WSU collects more than 7,000 Backpacks for Hope

Washington State University collected more than 7,000 Backpacks for Hope as part of its continuing effort to help those impacted by two Gulf Coast hurricanes.

Oct. 8, the date of the WSU home football game against Stanford, was the final day of the backpack collection effort, which started in September.

The backpacks for school age children contain school supplies, stuffed animals, journals, notebooks and children’s age-appropriate books. WSU partnered with the One Sweet World Foundation of former WSU football player Steve Gleason of the New Orleans Saints and his mother, Gail Gleason, WSU education graduate student.

As part of the effort, Dawn Shinew, College of Education associate professor, said the college sold nearly 500 books for the backpacks. Additional books for backpacks were sold during the College of Education Book Fair earlier last week.

Tom Brigham, co-chair of the university’s Katrina Relief Task Force said, “This was a much more personal experience for those who donated backpacks and supplies rather than simply donating money to the foundation. Many people put notes along with their names in the backpacks.”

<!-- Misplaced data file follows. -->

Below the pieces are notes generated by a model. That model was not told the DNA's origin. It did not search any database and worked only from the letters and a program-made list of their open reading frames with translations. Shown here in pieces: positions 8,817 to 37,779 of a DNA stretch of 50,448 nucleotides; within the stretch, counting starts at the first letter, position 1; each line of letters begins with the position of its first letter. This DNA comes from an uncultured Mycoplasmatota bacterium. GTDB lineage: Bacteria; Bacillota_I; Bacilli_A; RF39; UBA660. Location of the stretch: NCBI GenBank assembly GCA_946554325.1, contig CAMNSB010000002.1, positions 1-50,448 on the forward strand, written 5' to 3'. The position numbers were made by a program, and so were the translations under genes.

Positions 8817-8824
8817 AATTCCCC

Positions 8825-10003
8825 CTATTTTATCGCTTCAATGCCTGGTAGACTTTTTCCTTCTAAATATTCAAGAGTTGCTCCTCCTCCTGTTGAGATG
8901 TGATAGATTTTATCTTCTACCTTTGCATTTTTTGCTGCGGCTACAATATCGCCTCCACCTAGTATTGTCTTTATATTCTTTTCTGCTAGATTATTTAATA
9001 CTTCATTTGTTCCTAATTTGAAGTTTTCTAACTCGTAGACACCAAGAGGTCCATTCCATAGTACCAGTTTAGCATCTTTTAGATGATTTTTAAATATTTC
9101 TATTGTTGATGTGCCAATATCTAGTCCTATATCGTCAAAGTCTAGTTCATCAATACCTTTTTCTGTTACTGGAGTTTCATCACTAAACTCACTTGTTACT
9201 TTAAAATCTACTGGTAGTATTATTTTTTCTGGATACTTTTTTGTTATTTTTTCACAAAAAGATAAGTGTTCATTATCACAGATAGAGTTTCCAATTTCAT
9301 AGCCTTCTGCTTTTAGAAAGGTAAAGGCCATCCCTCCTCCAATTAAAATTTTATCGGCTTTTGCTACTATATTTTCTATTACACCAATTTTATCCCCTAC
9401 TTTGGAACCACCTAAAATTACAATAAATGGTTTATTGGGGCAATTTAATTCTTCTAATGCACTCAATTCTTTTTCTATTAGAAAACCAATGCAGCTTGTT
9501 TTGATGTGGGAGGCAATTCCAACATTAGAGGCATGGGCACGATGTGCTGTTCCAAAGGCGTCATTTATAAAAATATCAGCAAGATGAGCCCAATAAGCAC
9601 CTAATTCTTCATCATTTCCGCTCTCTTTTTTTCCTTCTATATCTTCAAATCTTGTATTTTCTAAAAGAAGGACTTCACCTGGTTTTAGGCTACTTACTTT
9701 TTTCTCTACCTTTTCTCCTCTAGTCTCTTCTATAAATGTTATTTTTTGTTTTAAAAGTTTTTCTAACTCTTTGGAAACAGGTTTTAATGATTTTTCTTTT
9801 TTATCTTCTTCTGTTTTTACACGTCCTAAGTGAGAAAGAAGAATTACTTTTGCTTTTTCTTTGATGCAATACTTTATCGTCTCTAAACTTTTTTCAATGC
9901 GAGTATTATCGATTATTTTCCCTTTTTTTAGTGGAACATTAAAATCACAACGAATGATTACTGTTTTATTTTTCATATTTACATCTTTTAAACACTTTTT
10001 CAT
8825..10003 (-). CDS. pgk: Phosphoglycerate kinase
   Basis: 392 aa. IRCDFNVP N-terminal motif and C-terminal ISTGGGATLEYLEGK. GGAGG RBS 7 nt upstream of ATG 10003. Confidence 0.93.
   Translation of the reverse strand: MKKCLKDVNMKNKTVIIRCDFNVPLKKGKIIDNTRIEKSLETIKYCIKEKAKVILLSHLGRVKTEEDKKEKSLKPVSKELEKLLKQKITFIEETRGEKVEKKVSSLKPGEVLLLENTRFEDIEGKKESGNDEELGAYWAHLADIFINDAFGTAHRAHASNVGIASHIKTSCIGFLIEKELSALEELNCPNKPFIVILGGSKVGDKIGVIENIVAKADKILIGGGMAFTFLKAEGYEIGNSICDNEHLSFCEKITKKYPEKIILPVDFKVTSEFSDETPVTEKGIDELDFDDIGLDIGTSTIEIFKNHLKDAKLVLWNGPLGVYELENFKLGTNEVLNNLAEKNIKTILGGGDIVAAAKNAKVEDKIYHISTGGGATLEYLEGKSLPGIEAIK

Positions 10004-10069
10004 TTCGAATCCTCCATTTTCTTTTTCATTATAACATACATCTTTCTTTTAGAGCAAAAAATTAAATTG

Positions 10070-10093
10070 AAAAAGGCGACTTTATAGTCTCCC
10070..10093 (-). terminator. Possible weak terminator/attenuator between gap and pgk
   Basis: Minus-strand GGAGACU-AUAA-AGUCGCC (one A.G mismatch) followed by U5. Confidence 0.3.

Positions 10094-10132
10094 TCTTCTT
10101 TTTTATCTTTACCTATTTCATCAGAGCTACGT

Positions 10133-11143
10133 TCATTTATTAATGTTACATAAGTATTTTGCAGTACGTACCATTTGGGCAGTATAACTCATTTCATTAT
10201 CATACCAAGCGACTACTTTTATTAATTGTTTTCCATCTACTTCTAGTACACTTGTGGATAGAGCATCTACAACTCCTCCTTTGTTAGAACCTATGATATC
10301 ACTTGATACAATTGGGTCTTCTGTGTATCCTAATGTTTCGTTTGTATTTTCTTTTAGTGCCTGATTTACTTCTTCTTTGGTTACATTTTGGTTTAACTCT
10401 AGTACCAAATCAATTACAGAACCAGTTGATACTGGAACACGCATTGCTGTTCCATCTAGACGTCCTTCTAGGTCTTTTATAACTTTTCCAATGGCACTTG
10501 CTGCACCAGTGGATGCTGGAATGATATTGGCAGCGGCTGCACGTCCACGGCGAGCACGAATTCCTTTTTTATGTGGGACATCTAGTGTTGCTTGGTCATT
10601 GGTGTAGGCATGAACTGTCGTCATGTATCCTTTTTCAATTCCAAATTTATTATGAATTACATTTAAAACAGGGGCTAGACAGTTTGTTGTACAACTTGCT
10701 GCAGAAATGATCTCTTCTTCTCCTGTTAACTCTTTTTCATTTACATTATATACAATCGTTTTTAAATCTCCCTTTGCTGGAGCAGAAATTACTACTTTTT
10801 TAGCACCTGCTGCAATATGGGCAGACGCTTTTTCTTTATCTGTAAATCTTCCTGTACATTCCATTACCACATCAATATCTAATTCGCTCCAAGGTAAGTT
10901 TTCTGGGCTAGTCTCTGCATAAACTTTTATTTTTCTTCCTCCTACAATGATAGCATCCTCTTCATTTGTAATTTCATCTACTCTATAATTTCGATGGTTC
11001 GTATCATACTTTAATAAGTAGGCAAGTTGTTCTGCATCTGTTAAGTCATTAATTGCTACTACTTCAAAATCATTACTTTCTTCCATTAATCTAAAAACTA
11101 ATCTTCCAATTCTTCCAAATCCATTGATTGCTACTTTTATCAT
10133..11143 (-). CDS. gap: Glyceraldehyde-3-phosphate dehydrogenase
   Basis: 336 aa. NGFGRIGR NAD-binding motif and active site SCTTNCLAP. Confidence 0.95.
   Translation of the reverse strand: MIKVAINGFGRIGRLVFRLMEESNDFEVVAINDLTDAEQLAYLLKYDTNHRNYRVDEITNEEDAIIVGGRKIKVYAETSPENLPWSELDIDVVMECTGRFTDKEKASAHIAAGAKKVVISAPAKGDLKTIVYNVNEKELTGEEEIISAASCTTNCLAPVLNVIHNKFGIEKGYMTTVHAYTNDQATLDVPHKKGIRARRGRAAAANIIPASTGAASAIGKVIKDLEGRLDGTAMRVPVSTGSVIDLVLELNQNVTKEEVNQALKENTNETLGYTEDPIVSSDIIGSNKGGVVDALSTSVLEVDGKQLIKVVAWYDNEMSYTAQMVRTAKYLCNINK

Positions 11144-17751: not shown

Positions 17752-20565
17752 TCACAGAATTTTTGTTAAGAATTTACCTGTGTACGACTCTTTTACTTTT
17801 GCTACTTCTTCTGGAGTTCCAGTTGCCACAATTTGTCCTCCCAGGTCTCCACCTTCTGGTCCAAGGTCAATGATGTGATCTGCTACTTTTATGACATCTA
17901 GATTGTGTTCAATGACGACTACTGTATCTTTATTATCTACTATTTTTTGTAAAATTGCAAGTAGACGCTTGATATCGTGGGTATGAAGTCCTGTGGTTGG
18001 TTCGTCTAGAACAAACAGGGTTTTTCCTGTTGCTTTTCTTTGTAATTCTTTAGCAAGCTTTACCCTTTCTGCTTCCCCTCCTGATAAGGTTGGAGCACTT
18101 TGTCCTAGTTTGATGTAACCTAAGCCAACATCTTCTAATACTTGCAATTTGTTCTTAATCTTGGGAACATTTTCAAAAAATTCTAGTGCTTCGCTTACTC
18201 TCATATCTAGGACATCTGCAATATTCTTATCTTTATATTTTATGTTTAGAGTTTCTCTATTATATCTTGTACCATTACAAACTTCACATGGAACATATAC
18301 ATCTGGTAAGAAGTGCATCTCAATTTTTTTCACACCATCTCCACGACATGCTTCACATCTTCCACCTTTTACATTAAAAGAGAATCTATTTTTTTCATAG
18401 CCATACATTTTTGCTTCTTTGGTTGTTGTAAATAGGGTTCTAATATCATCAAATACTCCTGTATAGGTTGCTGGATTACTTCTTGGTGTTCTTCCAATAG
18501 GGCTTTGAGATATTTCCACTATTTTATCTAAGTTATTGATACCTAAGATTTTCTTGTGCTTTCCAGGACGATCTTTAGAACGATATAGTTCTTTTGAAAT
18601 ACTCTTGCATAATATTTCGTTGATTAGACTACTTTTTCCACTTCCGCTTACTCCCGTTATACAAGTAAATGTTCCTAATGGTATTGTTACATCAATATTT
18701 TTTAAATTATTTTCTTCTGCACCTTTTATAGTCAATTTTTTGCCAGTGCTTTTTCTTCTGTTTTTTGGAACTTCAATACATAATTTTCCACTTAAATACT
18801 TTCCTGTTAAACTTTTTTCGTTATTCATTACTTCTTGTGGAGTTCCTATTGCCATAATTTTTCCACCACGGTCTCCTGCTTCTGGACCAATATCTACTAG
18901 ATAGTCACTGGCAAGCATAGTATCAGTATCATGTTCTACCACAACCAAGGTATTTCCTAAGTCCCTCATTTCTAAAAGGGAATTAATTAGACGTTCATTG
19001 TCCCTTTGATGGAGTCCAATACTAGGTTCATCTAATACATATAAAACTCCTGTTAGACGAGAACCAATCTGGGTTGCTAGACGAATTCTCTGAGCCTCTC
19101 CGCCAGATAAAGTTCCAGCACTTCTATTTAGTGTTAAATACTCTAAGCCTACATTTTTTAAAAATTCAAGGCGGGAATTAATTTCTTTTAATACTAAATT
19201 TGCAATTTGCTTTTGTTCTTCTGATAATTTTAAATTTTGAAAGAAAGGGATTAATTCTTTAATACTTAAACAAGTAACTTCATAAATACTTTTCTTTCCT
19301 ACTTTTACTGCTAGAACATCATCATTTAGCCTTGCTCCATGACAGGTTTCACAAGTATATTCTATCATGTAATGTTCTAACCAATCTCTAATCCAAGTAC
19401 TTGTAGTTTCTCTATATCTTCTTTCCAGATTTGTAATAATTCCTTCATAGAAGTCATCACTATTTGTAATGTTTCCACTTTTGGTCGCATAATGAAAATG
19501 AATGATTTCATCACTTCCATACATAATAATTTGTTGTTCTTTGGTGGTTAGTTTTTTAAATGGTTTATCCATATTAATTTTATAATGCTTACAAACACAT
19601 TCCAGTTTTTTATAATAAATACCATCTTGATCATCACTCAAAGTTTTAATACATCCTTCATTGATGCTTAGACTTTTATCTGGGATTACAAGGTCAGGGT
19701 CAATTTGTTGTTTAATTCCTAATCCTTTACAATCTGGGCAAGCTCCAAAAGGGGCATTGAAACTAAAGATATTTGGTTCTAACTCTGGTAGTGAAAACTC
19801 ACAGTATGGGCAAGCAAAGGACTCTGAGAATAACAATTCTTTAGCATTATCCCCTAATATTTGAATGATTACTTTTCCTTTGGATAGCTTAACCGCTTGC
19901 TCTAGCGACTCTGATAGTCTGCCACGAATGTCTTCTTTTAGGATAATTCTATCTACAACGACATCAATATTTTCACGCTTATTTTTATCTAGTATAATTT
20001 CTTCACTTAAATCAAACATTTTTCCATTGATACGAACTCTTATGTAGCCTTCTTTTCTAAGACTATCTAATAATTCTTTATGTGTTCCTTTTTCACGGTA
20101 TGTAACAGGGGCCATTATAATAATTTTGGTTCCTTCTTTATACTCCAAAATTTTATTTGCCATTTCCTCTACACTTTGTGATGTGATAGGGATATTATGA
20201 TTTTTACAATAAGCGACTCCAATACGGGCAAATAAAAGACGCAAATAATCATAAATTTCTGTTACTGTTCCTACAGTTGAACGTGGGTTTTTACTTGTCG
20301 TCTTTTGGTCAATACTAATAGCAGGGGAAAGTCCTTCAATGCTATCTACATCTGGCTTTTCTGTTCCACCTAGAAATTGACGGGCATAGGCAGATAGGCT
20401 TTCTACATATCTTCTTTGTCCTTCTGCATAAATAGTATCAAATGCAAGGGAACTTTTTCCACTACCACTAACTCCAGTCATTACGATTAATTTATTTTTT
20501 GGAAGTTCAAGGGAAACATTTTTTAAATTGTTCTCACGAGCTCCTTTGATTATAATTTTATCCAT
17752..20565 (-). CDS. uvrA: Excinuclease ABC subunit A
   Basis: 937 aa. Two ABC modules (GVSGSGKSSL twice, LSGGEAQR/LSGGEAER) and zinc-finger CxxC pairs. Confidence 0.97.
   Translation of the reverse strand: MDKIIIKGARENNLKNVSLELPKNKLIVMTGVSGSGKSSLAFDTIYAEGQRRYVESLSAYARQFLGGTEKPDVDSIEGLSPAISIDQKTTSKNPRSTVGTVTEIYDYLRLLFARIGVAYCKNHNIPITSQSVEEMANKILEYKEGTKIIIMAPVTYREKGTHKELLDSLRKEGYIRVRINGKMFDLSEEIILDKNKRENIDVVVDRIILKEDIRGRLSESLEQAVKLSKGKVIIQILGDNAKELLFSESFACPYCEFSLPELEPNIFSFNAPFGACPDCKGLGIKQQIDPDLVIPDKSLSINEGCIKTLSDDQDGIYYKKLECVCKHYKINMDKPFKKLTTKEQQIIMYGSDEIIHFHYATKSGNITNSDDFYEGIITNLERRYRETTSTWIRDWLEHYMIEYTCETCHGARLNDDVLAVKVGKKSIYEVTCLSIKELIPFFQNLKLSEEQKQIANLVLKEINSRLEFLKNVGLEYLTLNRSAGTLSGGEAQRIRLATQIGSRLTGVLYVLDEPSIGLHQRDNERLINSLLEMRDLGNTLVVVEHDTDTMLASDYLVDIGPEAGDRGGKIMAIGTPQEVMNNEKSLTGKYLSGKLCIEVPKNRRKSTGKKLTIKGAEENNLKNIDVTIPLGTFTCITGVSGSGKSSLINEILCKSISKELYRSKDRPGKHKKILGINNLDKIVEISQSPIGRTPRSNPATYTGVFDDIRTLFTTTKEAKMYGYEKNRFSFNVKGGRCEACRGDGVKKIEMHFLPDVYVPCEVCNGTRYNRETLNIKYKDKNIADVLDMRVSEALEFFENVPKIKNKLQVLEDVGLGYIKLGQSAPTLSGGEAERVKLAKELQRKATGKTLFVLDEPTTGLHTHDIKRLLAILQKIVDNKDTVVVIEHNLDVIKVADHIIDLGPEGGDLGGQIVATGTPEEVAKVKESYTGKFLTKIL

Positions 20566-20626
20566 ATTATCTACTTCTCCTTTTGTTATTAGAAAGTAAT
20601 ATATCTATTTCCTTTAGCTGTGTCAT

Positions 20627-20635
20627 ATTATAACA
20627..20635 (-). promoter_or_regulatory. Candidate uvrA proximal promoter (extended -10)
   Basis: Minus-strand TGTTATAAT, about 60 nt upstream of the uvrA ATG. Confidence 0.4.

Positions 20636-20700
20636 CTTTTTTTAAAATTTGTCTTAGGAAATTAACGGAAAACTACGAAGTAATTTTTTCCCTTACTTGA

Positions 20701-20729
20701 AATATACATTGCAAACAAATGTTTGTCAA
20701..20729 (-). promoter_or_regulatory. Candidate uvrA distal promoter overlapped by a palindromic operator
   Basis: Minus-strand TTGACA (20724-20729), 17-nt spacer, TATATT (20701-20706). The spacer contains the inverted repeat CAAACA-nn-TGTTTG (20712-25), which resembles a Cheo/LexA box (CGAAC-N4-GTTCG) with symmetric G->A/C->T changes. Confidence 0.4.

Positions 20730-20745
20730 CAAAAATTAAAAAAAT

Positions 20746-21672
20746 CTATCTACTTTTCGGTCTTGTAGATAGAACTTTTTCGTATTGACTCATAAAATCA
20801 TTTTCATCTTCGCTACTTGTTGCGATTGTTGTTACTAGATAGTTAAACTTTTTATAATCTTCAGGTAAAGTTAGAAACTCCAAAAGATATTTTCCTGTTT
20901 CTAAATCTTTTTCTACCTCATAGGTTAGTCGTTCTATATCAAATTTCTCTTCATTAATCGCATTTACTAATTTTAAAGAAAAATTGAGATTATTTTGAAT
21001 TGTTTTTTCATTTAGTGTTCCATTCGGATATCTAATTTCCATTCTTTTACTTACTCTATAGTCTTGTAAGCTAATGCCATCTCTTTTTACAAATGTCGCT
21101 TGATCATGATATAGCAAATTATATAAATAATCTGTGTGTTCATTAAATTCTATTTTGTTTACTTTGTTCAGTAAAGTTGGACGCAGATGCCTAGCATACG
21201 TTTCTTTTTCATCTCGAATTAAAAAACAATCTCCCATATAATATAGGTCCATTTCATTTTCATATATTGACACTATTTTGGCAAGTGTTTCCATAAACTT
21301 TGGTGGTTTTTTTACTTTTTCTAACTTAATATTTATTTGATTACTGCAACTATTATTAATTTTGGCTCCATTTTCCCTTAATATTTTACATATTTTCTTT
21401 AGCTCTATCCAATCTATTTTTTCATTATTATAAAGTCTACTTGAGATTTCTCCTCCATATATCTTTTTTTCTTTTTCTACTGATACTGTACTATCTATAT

According to Brigham, the New Orleans Saints football team, led by Steve Gleason’s One Sweet World Foundation, will be personally distributing backpacks on Tuesday, Oct. 11, and Gail Gleason will be attending.

“The outpouring of contributions by members of the extended university and state community is heartwarming. I have been particularly touched by the many stories of Washington school children assembling backpacks for their peers,” said Melanie Brown, task force co-chair. She also noted the dedicated efforts of students involved with the university’s Community Service Learning Center, which she directs.

For information about WSU hurricane relief efforts, contact the WSU Community Service Learning Center at (509) 335-7708.

Next Story

WORD Fellows applications open for spring cohort

Faculty system-wide are invited to apply to the Writing Occurring Rhetorically in the Disciplines program to learn ways to design more effective writing instruction.

Recent News

Announcing the search for a new provost

As WSU continues to evolve, the dual role of provost and Pullman campus chancellor is being divided into two separate positions.

The past is not that long ago

Washington State Magazine explores the complicated ties that continue to reverberate between the Pacific Northwest’s indigenous tribes and the first Jesuit priest to the region.

Aging societies more vulnerable to collapse

Societies and political structures, like the humans they serve, appear to become more fragile as they age, according to an analysis of hundreds of pre-modern societies.